- The audience are expected to loudly boo and hiss whenever the villains are onstage.
- Sing Along. Usually at the endnote , the victorious heroes will teach the audience a song. Often the audience will be split in half and ordered to compete against each other. This virtually always ends with something along the lines of 'For the first time in Panto history, it's a draw' to avoid hurt feelings on either side.
- The Pantomime Animal, usually a four-legged creature such as a horse or a cow played by two actors in an animal costume.
- The Harlequinade: Although a full-blown Transformation Scene is only seen nowadays in self-conscious recreations of the early pantomime, the term is sometimes used to refer to a dialogue-free slapstick interlude. Sometimes this is replaced with a more serious mime or dance section.
- Shout Outs Usually prior to the sing-along. Basically, someone in the cast takes the opportunity to read out the names of the groups in the audience. There's always a Scout troupe, a primary or secondary school class, or a Boys'/Girls' Brigade in the audience; normally there's more than one.
- Sweeties: treats are often thrown into the audience from the stage at some point (again, often at the end).
- Sadly, this tradition is being phased out in many places because of "health and safety" (to be fair, a fun-sized chocolate bar in the eye can be painful). Some shows will have a variation e.g. in Aladdin where Widow Twankey might throw comically oversized laundry into the audience instead.
- Big production - even the smallest amateur company will pull out all the stops for their pantomime. This is not a genre concerned with either realism or artistic minimalism. Sets are large and elaborate, the dame will usually have the most magnificent over-the-top dress (and change it every couple of scenes) and there is often a scene involving gunge, foam or other "messy" fun. Aladdin often features a scene in the Chinese laundry run by Widow Twanky, providing an excuse for filling the stage with suds. Or characters will randomly decide to do some baking, resulting in flour being thrown. During the Curtain Call, the already-elaborate costumes of the characters are replaced with the same, but outfitted in shiny gold, silver, electric blue and neon green.
- Improv: You just can't work in panto if you're not prepared to improv occasionally. Where other productions might do a show-stop, panto just soldiers on. The Fairy Godmother's wand breaks? She gets another one from offstage and then claims that she always carries a spare. Need to cover an extra-long costume change? Ask the audience how they're doing. The Villain and the Dame actually trying to make the other corpse? Pretty normal. After all, panto runs are often fairly demanding (two or three shows a day for six weeks to two months), and the actors need to let off steam somehow, so a little extra japery is usually allowed for.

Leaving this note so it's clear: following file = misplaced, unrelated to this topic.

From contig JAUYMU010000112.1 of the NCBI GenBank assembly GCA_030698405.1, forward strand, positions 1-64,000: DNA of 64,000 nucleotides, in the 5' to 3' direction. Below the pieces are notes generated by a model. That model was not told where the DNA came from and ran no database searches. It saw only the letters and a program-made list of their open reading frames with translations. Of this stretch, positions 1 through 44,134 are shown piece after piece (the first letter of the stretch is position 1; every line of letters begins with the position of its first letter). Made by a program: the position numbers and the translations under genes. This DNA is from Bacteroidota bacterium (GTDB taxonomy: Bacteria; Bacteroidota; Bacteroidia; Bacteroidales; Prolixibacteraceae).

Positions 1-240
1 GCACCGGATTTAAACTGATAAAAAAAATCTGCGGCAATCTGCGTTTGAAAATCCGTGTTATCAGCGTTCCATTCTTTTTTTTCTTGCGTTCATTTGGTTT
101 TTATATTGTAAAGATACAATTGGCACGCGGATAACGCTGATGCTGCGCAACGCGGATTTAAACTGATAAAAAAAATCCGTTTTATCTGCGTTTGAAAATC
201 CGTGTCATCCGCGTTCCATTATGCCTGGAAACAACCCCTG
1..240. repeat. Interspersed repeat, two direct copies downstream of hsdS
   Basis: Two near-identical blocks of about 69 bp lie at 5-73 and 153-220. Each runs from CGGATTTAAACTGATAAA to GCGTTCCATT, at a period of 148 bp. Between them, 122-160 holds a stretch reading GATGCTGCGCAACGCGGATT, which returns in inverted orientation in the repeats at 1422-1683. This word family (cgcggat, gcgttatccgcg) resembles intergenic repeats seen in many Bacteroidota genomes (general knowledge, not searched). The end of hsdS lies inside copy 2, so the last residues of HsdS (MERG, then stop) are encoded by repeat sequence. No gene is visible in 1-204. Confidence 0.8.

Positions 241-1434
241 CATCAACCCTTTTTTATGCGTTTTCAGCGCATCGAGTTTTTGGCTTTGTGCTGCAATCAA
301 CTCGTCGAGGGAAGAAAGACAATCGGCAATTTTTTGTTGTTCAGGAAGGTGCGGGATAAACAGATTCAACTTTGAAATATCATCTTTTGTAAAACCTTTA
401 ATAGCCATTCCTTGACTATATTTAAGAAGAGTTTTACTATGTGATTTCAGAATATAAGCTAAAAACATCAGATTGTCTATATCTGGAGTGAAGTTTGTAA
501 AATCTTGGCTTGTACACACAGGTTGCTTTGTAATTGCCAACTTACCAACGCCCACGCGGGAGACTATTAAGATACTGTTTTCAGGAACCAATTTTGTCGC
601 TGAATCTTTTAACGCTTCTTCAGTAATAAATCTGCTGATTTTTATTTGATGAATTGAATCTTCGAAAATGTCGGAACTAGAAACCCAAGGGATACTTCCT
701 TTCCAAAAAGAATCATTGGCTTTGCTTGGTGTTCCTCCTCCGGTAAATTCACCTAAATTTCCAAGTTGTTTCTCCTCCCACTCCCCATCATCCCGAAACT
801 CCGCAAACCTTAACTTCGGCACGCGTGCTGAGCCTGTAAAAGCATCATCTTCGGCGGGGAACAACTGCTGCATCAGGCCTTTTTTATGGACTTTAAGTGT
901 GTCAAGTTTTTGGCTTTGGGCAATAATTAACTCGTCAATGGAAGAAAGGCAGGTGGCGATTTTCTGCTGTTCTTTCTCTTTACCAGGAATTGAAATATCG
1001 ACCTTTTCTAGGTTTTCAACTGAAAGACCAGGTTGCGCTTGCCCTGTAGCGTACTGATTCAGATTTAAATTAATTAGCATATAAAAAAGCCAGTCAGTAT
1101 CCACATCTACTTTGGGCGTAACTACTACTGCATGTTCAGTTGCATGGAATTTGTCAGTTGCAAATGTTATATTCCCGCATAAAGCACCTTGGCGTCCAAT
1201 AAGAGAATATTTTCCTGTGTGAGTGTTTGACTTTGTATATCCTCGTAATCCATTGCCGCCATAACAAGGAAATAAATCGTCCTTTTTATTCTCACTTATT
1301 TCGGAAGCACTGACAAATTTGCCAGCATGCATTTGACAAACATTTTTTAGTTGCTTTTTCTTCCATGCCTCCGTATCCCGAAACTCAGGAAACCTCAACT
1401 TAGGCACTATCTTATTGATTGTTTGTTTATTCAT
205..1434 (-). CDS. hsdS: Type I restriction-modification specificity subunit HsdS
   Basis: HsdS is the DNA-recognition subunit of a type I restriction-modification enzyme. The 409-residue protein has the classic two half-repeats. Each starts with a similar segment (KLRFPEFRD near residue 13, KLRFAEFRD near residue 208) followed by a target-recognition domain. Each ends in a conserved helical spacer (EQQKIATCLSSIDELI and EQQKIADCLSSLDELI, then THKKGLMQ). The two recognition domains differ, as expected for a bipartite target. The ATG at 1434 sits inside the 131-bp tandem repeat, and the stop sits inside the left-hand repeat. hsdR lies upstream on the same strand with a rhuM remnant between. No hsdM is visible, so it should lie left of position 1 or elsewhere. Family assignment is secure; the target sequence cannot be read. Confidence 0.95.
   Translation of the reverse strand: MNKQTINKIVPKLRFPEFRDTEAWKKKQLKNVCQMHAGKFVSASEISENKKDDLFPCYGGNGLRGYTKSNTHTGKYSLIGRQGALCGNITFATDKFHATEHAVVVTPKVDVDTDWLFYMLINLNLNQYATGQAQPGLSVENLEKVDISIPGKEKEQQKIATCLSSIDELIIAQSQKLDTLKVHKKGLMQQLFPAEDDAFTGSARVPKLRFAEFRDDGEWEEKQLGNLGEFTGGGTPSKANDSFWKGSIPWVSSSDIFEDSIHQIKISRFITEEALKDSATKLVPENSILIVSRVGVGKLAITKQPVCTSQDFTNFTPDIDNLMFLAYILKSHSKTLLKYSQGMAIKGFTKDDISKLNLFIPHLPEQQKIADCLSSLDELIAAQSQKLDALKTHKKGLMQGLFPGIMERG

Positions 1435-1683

- Guest stars - a trope dating back to the late 19th Century in the UK, whereby if more than one major panto is running in a town, they will often compete for custom by playing one-upmanship with the quality of the cast. Once the realm of respected actors (and Sooty), this particular aspect took a bashing during The '80s and The '90s when soap actors, Wolf from Gladiators, reality TV stars and Frank Bruno all decided to get in on the act; fortunately, most theatres seem to be a little more discerning nowadays, but the occasional Big Brother contestant still slips through the cracks. This can be very lucrative work, which is why Australian soap actors decamp en masse to England in time for the season. Julian Clary, Christopher Biggins, BRIAN BLESSED and John Barrowman are guaranteed to be in panto every single year. We've even taken the liberty of getting a few actors from across the pond, including Henry Winkler, Dirk Benedict, David Hasselhoff (yes, really) and Mr. T.
- A more recent variant is the casting of an actor with impeccable dramatic credentials (such as Sir Ian McKellennote ) as a Dame or another minor character.
- In some productions, the guest stars can turn into the Spotlight-Stealing Squad, but only if they have the skill necessary to hold the audience's attention.
- Local and topical in-jokes. Some pantos have a script written specially each year. Others are available pre-written with [insert topical joke], [insert local joke], [insert name of celebrity famous for being fat] written in. Often jokes are at the expense of an area of the city known for being posh, or run-down; or a rivalry with a local town (see Springfield v Shelbyville). Sometimes (especially from the villain) they're just broadsides at the area in general.
- Innuendo. While Pantomimes are ostensibly aimed at children, much of the humour is composed of sexual innuendo intended to go over the children's heads. ("I do declare, the Prince's balls get larger every year!") Periphery Demographic features heavily here. It isn't unusual to find work outings booked to a Panto with nary a child to be seen. Frankly half the people there with kids have only dragged them along as cover.
- Tradition Older Than Print The good fairy enters from stage right (from the audience's point of view this is on the left) and the villain enters from stage left (right from the point of view of the audience). This convention goes back to the medieval mystery plays, where the right side of the stage symbolised Heaven and the left side symbolised Hell.